Oro Polymetallic Project, New Mexico

The 11.8 sq. km Oro Project comprises eight patented mining claims and 89 BLM mineral claims which cover the majority of the historic Eureka Mining District in Grant County, New Mexico and is located approximately 40 km SW of the Silver City porphyry copper district.

The Oro claims surround a highly prospective 3 kilometer by 2 kilometer quartz-sericite-pyrite alteration footprint, interpreted to overlie an unexposed porphyry center.  Classic porphyry system zonation is indicated by surface gold and copper mineralization associated with Laramide-age intrusions in this core area, flanked by distal lead-zinc skarn mineralization and sediment-hosted gold occurrences.

In addition to bulk tonnage porphyry copper-molybdenum-gold potential, the Oro Claims also include the highly prospective, high-grade sediment-hosted Stock Pond gold target.  Reconnaissance rock sampling has been completed over a strike length of 140 meters at Stock Pond, yielding values up to 4.8 g/t gold.  Gold mineralization at Stock Pond is interpreted to be related to the main porphyry center, located 4 kilometers to the southwest.

Geologic evidence suggests that previous drilling at Oro did not test deeply enough to evaluate the porphyry copper and related skarn potential of this large and well-mineralized property; thus, an application has been submitted for a permit to explore several widely spaced targets by drilling eight core holes ranging in depth from 600m to 1,000m. The sites were chosen after incorporating geological, geochemical, and geophysical data gathered over the entire mineralized district. It is anticipated that the drill program will be undertaken in Q3 2021.

In 1877, the discovery of lead, copper, and silver created the Eureka Mining District. By 1880, several high-grade base and precious metal mines were in operation in the district, but were mined sporadically due to hostile local inhabitants and fluctuating silver prices.

Production began at the Oro Project shortly after the discovery of lead, silver, and copper in 1877 and continued sporadically through the early 1960’s. The New Mexico Bureau of Mines estimates production from the Eureka District between 1880 and 1961 at 2.9 million pounds of lead, 1.7 million pounds of zinc, 0.5 million pounds of copper, 0.45 million ounces of silver and 5,000 ounces of gold. Reported grades are in the range of 20 oz/ton (685 g/t) Ag, 4% combined Zn and Pb, and up to 0.04 oz/ton (1.4g/t) Au. Smaller amounts of high grade mineralization were reported to have assayed up to 5.5% Cu and 840 oz/ton Ag.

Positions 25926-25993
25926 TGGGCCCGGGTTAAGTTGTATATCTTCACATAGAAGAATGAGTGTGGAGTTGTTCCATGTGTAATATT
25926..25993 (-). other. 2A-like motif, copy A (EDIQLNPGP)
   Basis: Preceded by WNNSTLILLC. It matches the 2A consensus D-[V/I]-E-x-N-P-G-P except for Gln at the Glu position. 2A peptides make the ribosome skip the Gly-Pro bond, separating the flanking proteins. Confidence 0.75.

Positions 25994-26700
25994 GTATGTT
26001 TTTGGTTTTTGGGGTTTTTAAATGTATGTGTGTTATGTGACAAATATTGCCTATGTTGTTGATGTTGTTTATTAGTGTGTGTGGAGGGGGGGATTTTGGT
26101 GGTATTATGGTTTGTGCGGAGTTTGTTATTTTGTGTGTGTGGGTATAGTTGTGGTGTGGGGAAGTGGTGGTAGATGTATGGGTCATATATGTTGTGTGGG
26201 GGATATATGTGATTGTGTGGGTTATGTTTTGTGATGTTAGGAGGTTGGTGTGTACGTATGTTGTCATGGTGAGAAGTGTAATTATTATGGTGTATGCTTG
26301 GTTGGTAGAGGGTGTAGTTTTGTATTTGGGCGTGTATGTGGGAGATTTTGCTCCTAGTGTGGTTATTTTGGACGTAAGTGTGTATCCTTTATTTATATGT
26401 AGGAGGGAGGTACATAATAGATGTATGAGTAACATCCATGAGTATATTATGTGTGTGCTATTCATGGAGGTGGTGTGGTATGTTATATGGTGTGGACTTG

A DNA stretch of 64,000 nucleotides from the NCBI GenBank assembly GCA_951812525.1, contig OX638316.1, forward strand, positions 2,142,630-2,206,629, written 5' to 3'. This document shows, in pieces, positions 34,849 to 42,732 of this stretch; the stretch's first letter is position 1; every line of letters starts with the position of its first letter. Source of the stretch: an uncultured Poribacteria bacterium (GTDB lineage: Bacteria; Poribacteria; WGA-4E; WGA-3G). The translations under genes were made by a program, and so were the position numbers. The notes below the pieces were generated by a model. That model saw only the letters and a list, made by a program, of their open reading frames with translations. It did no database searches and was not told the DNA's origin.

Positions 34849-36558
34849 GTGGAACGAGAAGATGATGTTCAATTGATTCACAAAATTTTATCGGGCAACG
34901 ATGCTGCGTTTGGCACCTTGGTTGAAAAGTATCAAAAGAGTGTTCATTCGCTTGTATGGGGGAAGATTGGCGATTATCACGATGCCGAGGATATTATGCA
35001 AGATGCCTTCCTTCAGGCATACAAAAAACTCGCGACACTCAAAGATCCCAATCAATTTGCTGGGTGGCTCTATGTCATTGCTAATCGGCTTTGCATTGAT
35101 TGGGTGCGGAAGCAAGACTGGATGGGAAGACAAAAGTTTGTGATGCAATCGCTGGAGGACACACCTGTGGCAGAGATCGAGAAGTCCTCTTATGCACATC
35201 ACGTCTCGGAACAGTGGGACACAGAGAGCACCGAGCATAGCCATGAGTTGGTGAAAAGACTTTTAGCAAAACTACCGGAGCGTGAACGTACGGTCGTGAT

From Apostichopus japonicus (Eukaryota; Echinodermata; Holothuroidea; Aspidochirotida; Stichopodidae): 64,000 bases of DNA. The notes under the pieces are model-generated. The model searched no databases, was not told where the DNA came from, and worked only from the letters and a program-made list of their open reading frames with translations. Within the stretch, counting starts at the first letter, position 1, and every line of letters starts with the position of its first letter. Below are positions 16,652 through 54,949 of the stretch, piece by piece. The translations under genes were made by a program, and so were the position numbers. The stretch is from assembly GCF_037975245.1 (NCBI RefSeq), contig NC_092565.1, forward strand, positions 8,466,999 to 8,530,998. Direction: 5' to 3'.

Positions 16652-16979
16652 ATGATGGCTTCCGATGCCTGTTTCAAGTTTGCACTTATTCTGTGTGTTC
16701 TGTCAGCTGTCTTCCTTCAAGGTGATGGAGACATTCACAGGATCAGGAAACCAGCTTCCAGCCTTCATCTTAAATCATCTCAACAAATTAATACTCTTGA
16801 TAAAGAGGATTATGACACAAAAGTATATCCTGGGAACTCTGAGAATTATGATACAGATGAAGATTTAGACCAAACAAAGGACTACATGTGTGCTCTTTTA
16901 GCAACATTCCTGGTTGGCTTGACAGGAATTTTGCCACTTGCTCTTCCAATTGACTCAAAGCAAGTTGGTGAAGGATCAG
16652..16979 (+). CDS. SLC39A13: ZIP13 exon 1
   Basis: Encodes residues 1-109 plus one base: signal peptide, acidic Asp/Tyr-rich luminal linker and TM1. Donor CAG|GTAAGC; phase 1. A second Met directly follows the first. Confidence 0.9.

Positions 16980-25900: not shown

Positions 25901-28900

The early phase of mining in the Eureka Mining District lasted until the 1920s, when a decrease in metal prices made the mines uneconomic. Limited work has been done in the region since then, with the most recent records of exploration and mining dating to the early 1960s. Historical records indicate that low metal prices were again responsible for the cessation of mining activity in the area in 1960, and that untested targets remain in the vicinity of the old mine workings, particularly at the American Mine, now part of the Oro claim group. Commenting on the New Mexico project, Lawrence Page, president, said, “The presence of historical base and precious metal mines from the late 19th and early 20th centuries, coupled with a relative lack of modern exploration in the area, make the Oro Project an exciting potential location of future discovery”.

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